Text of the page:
Former friends and colleagues are honoring the memory of Arkansas construction industry leader Michael Allen Lasiter by donating $60,000 toward helping future civil and construction engineering students at the University of Arkansas at Little Rock.
On Monday, Dec. 12, about 10 donating companies and organizations presented the check to establish the Michael Allen Lasiter Endowed Scholarship, which will serve as a permanent tribute to Lasiter’s contributions to the central Arkansas construction industry.
The Michael Allen Lasiter Endowed Scholarship will help full- or part-time students majoring in civil and construction engineering at the UALR College of Engineering and Information Technology. Special consideration will be given to first-generation college students and Arkansas residents.
This scholarship will help future engineers turn their dreams into reality, said Lawrence Whitman, dean of the UALR Donaghey College of Engineering and Information Technology (EIT).
“It is great to see a group of people come together and honor a person who impacted their lives which will impact future professionals for years to come,” Whitman said. “Also, I am grateful that the person the scholarship is named after modeled lifelong learning, as that is what UALR EIT hopes to instill in its students.”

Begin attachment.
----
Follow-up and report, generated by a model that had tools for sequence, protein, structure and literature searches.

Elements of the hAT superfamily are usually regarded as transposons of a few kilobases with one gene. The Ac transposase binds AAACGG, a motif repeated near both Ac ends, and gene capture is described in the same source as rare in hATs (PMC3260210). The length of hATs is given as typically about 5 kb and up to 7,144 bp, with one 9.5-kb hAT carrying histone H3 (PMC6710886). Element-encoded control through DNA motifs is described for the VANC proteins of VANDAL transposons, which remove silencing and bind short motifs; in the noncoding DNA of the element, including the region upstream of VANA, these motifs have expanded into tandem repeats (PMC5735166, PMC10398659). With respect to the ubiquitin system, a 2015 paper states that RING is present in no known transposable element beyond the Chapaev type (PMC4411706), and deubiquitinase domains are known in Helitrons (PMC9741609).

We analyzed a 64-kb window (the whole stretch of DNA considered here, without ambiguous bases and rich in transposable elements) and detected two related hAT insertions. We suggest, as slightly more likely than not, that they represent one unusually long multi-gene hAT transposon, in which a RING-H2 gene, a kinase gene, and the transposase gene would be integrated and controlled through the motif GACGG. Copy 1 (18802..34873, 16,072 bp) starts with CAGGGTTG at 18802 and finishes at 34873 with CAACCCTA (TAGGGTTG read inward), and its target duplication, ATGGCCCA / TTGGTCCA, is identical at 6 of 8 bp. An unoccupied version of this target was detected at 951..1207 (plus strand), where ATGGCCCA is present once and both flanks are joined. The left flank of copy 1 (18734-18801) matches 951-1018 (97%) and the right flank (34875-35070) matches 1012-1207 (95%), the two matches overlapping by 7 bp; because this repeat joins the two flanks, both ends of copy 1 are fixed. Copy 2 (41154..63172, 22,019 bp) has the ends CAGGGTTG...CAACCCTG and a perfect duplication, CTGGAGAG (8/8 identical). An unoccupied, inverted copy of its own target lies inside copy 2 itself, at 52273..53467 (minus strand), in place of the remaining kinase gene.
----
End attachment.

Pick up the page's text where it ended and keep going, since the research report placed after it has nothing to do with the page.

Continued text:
At a young age, Lasiter, a Little Rock native, started working at his father’s business, Lasiter Asphalt Maintenance, a small asphalt repair company. He eventually built that business into Redstone Construction, one of the largest highway and asphalt construction companies in the state.
Those who worked with him lauded Lasiter’s focus on mentoring, the value he placed on education, and his ability to motivate his employees to reach their full potential.
In 2007, Redstone became the first Arkansas company to recycle waste asphalt and concrete — cutting costs and helping the environment by giving new life to waste products that previously ended up in landfills.
By 2011, under Lasiter’s leadership, Redstone acquired a quarry, which helped the company open asphalt plants and enabled it to pursue larger highway projects.
In late 2015, doctors diagnosed cancer in Lasiter. He studied the disease, sought the best available medical advice, and followed treatment plans, but lost his battle with cancer two months after his 50th birthday.
A written tribute by the donors praised Lasiter’s legacy:
“Michael’s life was one of learning and teaching. He learned from every situation he encountered. His can-do attitude enabled him to motivate others from the things he had learned. He led by example. He never backed away from any challenge. His legacy will undoubtedly be carried on by everyone he mentored.”
Donors to the scholarship include:
Pictured in upper right: Michael Allen Lasiter